Attorney General orders jail restrictions for would-be torturer
BY KIM JANSSEN Federal Courts Reporter May 9, 2014 12:08PM
Steve Mandell leaves the Dirksen Federal Building in 2005 with his attorney Jon Loevy. | Sun-Times files
Updated: June 11, 2014 6:08AM
Even behind bars, former Chicago cop and would-be torturer Steve Mandell is a threat to the public, according to U.S. Attorney General Eric Holder.
So Mandell — convicted in February of a grisly torture and murder plot — has been placed under a rarely used set of restrictions at the downtown Metropolitan Correctional Center on Holder’s direct orders.
The “special administrative measures” Holder has taken against Mandell, 63, come after Mandell sent desperate letters to police and the judge who heard his case, accusing the main government witness against him of crimes, and after Mandell allegedly tried to solicit the witness’ murder.
The restrictions effectively consign him to solitary confinement — a decision normally taken by the prison warden. And they reflect Holder’s belief “that there is a substantial risk that an inmate’s communications with third parties may result in death or serious bodily injury to others,” prosecutors wrote in a court filing Friday.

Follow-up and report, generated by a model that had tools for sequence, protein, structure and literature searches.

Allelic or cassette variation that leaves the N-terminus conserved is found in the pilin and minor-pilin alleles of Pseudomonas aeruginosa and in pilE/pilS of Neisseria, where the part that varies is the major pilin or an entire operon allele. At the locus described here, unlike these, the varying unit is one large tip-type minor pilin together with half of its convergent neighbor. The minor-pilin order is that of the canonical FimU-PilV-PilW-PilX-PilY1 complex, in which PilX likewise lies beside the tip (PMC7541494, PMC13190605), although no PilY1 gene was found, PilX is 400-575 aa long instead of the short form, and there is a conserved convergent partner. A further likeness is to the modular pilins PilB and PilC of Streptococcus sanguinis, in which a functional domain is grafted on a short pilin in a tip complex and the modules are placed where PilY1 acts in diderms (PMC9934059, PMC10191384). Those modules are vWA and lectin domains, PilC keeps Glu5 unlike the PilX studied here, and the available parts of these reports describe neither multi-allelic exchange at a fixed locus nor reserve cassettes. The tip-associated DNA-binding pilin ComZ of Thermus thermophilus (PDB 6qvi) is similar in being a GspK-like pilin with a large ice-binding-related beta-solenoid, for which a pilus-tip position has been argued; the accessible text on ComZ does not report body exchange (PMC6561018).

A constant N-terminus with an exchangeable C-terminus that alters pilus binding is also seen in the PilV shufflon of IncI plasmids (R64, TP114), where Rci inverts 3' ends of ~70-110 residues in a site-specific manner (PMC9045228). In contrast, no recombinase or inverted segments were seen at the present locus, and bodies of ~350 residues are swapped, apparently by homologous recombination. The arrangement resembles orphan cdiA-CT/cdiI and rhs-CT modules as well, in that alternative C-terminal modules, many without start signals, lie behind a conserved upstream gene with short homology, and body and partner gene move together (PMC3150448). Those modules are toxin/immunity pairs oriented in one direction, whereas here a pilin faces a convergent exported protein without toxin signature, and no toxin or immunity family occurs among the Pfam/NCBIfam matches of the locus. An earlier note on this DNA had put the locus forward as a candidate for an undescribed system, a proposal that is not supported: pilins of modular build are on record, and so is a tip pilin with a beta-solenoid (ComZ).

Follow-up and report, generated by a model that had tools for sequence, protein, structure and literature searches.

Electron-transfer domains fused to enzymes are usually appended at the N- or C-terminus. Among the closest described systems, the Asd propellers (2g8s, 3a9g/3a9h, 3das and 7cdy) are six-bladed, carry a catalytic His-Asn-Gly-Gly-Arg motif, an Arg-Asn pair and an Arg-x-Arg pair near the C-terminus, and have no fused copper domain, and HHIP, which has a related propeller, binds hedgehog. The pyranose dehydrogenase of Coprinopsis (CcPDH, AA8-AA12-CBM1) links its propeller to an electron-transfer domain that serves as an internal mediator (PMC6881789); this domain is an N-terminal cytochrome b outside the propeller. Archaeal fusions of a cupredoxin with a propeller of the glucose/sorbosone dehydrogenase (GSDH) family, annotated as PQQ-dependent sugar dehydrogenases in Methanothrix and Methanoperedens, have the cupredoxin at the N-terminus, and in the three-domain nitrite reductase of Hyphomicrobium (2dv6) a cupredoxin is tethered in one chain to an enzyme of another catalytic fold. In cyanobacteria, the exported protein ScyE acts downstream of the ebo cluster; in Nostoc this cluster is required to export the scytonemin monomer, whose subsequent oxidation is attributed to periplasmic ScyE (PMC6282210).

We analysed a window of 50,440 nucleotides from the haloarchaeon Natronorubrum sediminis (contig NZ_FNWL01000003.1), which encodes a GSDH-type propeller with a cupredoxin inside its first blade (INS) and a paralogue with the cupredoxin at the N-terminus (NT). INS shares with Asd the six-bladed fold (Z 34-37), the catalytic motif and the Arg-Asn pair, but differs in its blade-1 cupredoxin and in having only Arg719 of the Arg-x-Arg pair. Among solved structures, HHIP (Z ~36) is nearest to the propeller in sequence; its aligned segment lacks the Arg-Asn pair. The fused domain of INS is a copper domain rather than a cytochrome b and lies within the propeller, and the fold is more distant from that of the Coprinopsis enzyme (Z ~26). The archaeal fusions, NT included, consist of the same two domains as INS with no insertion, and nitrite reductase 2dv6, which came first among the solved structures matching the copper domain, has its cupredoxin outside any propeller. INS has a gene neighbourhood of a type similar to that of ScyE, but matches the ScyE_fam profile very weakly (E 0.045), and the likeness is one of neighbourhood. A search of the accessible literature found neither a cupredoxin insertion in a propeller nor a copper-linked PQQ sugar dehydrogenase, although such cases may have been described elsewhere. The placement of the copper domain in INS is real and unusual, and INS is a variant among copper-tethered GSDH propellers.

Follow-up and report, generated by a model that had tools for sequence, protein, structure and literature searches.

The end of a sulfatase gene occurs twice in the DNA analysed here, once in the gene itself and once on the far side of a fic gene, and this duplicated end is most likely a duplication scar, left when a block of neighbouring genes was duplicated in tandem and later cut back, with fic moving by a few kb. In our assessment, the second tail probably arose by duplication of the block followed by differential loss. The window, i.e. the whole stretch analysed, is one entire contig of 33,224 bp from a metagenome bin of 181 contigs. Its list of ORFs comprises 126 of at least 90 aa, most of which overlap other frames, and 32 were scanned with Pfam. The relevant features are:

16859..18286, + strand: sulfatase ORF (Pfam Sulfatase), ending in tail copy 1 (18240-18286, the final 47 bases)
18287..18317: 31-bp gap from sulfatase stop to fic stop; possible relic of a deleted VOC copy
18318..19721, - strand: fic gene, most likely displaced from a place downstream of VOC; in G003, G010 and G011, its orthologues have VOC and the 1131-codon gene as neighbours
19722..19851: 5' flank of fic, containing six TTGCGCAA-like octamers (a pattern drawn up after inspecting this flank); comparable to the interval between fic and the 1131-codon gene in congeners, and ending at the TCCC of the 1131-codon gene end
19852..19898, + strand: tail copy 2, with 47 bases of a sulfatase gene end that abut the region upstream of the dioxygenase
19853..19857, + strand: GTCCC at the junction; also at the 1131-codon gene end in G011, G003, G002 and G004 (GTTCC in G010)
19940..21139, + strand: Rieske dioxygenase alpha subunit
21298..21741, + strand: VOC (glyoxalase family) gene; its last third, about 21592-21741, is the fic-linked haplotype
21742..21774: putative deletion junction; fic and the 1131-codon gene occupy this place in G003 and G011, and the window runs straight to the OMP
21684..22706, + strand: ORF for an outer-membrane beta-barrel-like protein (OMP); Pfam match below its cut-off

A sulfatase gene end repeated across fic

Mandell has chafed under tight restrictions at the MCC since he was charged in 2012 with plotting to abduct, torture and kill Riverside businessman Steve “Soupy” Campbell.
Just days after he was arrested, he made phone calls from the MCC in an attempt to have his wife destroy evidence.
That move got him temporarily placed in solitary confinement. But within hours of his release back into the prison’s general population last year, he allegedly sought to have the Latin Kings street gang murder North Shore realtor George Michael, the main witness against him.
Since his conviction, Mandell has gotten around court orders that attempt to ban him from making further threats by disguising letters to U.S. District Judge Amy St. Eve and suburban police departments as “legal mail,” which jail staff are forbidden from monitoring, prosecutors allege.
Mandell is now trying to fire his attorneys, who in February helped him escape conviction on a second murder plot, despite what appeared to be strong evidence of his guilt.
A onetime Death Row inmate, Mandell, of Buffalo Grove, is suspected of at least a half-dozen unsolved murders going back nearly three decades. Sentenced to death for a 1990 murder, he was sensationally freed after that conviction was overturned, and in 2005 Mandell won a $6.5 million lawsuit for wrongful prosecution against the FBI, only to see that verdict also overturned on appeal.
He faces a likely life sentence for the Campbell plot when he is sentenced in June.